An award-winning daily show, “PRI's The World” brings one-of-a-kind international stories home to America. "The World's" coverage is provided by a global network of international journalists, including access to 250 BBC correspondents.
Classified pages from a 9/11 congressional report may reveal the hijackers received support from top leaders in Saudi Arabia. Will they be released? Also, air pollution in Mexico City had improved for many years, only to get worse in recent months. What the city is trying to do. Plus, Italy's most famous transgender politician celebrates Italy's approval of civil unions for gay couples.
Is the US war on ISIS legal? Today, we learn about one Army captain doesn't think so, because Congress hasn't officially signed off on the war against the extremist group. And he's suing to prove his point. Also, a community living outside Medellín, Colombia, has converted to Orthodox Judaism. Before that, the members belonged to a Protestant megachurch. Plus, Marco speaks with cellist Yo-Yo Ma about his Silk Road project, and how it's helped foster new friendships, and new musical collaborations around the globe, over the years.
Presumptive GOP presidential nominee Donald Trump gets a lot of media attention, but he's made it difficult for the foreign press to cover his events. Also today, we turn to the Philippines where the new president-elect has been compared to Donald Trump. Also, we catch up with a British art forger who now uses his talents legitimately, making legal copies of famous paintings.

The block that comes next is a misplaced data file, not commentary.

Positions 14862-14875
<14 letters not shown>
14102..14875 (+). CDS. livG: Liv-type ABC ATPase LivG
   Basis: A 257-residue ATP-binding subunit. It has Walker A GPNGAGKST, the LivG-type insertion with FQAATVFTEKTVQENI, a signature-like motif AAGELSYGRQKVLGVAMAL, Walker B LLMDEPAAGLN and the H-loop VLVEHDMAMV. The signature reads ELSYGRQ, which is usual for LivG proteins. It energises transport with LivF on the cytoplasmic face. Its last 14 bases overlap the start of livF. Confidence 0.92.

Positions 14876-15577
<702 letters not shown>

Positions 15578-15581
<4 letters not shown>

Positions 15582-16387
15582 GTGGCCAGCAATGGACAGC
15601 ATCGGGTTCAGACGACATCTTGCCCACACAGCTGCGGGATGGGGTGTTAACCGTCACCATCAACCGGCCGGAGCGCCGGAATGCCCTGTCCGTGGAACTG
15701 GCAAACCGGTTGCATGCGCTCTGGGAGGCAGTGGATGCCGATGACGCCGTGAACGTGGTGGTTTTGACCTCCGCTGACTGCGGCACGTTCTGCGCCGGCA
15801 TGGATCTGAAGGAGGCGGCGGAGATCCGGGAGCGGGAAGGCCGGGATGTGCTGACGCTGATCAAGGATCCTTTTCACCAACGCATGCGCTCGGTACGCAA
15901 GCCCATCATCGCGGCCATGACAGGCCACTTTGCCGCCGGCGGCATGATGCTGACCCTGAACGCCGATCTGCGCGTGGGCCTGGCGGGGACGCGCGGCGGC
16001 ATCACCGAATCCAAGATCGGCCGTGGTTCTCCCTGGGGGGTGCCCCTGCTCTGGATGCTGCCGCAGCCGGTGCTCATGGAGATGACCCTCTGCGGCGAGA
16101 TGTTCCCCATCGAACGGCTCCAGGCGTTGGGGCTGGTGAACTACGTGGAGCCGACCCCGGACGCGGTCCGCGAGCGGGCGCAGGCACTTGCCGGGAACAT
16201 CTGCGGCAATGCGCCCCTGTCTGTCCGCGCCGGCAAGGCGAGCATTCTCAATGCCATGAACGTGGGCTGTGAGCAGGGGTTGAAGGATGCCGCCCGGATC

Today, we hear from one of the Western journalists invited by the North Korean government to report on a rare political congress in Pyongyang. We also take you to Las Vegas where green card holders are trying to get their citizenship in time for the November presidential elections. Plus, why does a lake in Venezuela get more lightning strikes per year than anywhere else in the world?
You've heard about American jobs being outsourced to workers in foreign countries. Well, the good news is that some of those jobs are coming back, but there's a downside. Those "insourced" jobs are increasingly being given to robots and computers. Also, we pay a visit to one of the restaurants North Korea has opened around the globe to connect with those outside the Hermit Kingdom. Plus, Scottish police answer the NYPD's call to perform a hip-hop dance called The Running Man.
He's brash. He's controversial. And he's winning over a sizable portion of the electorate. He's ... Rodrigo Duterte of the Philippines. Some are calling him the "Filipino Trump." We also have the story of a Boston high school student who's originally from Brazil. Last year, when she started applying to colleges in the United States, she found out how much of a labyrinth America's immigration laws can be. Plus, we hear about the link between author Gabriel Garcia Marquez and the Colombian folk music known as Vallenato.